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Converting metric to imperial (12in/1ft)^3

  1. Jul 17, 2014 #1
    Hello. I am new to engineering and to imperial units, and currently learning by doing some exercises. I'm stuck on the following conversion:

    • 0.04 g / min x m^3 -> lbm / hr x ft^3
      I figured it like this:
    • 0.04 g / min x m^3 x (60min/1hr) x (1m/35,314)^3 x (1 lbm / 454g) =
      1,49x10^-4 lbm / ft^3 x hr

    However, the author of the book gives the following solution:

    • 0.04 g / min x m^3 x (60min/1hr) x (12in/1ft)^3 x (1 lbm / 454g) =
      9.14 lbm / ft^3 x hr

    It really lost me, why (12in/1ft)^3 its supposed to cancel out m^3? He does the same on a similar exercise converting cm^2 with (12in/1ft)^2.

    Thanks for your time and help.
  2. jcsd
  3. Jul 17, 2014 #2


    User Avatar
    Science Advisor

    Looks like the book has got it wrong.
    Maybe there was a typo or OCR error where "in" became "m".

    What book? what author? have you checked the web for an errata ?
  4. Jul 18, 2014 #3
    Not yet, but i will check. I was also thinking than the book might be wrong because really made no sense.

    Thanks for your help :)
  5. Jul 19, 2014 #4
    Found new information:

    Since 12in = 1ft, you can get a one by dividing both sides of the equation by 1ft, giving 12in / 1ft= 1. Because the result is 1, and the units can cancel out it makes sense after all.
    Last edited: Jul 19, 2014
  6. Jul 20, 2014 #5
    You were right the first time, the book has it wrong (yes, it does happen sometimes).
    You can evaluate the equation directly using a program called calchemy. Here is it's "evaluation" of the equation:

    0.04 g / min m^3 ? lbm / hr ft^3
    (0.04 * gramm) / (minute * [meter^3]) ? poundm / (hour * [foot^3])
    = 0.00014982723 lbm / hr ft^3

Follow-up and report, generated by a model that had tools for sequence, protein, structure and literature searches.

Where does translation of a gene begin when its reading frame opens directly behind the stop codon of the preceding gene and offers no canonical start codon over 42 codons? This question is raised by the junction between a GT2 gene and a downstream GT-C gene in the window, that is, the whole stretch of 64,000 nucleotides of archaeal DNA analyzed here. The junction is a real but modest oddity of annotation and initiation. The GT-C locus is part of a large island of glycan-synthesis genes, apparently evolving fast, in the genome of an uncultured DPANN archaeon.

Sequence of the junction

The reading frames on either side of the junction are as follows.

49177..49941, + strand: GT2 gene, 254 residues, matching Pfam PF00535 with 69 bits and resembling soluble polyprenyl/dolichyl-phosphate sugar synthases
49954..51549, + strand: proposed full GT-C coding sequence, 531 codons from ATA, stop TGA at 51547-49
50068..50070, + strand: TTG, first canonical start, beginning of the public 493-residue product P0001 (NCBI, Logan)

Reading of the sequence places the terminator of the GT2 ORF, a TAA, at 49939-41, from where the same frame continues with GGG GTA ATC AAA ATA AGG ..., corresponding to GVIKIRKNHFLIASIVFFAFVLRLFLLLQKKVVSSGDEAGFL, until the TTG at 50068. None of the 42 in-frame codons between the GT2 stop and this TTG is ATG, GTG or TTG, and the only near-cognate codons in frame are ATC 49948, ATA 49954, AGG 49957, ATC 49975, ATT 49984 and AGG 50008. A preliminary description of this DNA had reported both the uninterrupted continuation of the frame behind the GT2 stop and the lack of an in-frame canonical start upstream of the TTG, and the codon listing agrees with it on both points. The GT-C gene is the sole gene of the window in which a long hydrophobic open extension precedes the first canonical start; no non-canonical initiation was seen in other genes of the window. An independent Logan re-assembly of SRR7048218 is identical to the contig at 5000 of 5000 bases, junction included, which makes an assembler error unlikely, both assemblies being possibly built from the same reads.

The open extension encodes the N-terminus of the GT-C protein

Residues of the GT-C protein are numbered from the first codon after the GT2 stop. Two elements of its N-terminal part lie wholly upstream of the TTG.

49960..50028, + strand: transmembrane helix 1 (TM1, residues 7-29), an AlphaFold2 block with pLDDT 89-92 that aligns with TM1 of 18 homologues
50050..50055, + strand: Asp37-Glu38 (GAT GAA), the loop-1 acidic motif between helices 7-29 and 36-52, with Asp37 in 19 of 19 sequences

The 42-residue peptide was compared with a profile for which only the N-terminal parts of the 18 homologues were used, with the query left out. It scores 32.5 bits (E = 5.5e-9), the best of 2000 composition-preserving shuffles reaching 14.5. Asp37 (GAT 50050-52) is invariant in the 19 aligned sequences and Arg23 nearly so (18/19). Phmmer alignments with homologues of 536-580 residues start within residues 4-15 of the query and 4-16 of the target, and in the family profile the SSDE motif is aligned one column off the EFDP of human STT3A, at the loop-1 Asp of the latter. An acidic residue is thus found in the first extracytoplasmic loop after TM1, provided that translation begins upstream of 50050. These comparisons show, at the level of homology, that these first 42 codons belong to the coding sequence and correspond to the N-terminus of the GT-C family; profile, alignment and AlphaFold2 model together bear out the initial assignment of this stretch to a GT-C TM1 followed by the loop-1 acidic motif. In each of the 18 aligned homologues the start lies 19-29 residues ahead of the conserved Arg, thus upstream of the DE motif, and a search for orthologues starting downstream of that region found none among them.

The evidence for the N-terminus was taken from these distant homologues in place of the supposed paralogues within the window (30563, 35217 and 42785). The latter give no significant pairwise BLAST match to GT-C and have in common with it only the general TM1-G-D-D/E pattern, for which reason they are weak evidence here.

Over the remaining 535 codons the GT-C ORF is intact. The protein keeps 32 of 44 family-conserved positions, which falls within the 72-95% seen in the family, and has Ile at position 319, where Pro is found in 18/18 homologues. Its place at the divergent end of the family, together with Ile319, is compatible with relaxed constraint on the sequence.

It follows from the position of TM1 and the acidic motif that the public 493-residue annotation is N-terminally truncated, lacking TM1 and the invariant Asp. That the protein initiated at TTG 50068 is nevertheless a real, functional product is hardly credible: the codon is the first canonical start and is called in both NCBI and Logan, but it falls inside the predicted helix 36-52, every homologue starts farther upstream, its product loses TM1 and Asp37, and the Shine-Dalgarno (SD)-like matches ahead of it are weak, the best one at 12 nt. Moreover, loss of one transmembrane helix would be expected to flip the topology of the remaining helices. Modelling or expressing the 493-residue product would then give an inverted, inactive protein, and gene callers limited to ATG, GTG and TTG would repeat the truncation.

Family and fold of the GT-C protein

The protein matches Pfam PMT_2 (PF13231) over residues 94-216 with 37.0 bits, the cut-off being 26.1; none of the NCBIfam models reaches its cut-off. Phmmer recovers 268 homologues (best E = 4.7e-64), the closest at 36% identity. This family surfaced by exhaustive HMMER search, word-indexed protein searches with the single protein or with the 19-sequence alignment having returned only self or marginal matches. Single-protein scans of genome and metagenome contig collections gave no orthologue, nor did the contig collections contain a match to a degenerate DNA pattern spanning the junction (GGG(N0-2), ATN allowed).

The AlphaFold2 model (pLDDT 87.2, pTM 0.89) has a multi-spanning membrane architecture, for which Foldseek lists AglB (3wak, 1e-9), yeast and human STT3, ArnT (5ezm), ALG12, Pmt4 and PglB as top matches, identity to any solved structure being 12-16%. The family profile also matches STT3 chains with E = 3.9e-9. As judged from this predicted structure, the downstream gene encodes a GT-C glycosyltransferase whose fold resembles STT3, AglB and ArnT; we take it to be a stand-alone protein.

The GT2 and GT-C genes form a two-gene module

The program runs on iPhone, but there is a "web" version at:
    that you can use for free, just cut and paste the equation above to give it a try (first line)
    The second line shows the equation it "actually" evaluated (sort of "in longhand"), the third line is the answer.

    Another web instance used to "work" at
    but that instance was broken by the service provider because of "security concerns" and has not been fixed... Still, there is a lot of good information about the program on the site.

    The program carries units with the numbers, so you don't ever have to do any conversions "by hand". It takes a little getting used to, but once you get the hang of it you can calculate all kinds of things really easy. The syntax is "what you know, with units of measure" ? "units you want the result in"
    It will even "solve" by dimensional analysis, it can do this because it knows what answer (units) you are looking for!
  7. Jul 22, 2014 #6
    My, that looks really useful for learning. I'll give it a try!

    Thanks a lot: :)
  8. Jul 22, 2014 #7
    It is sort of working at http://www.calchemy.com
    At least the answers are right, but the UI is still kind of messed up, the answer should be printed at the bottom, not in another page...
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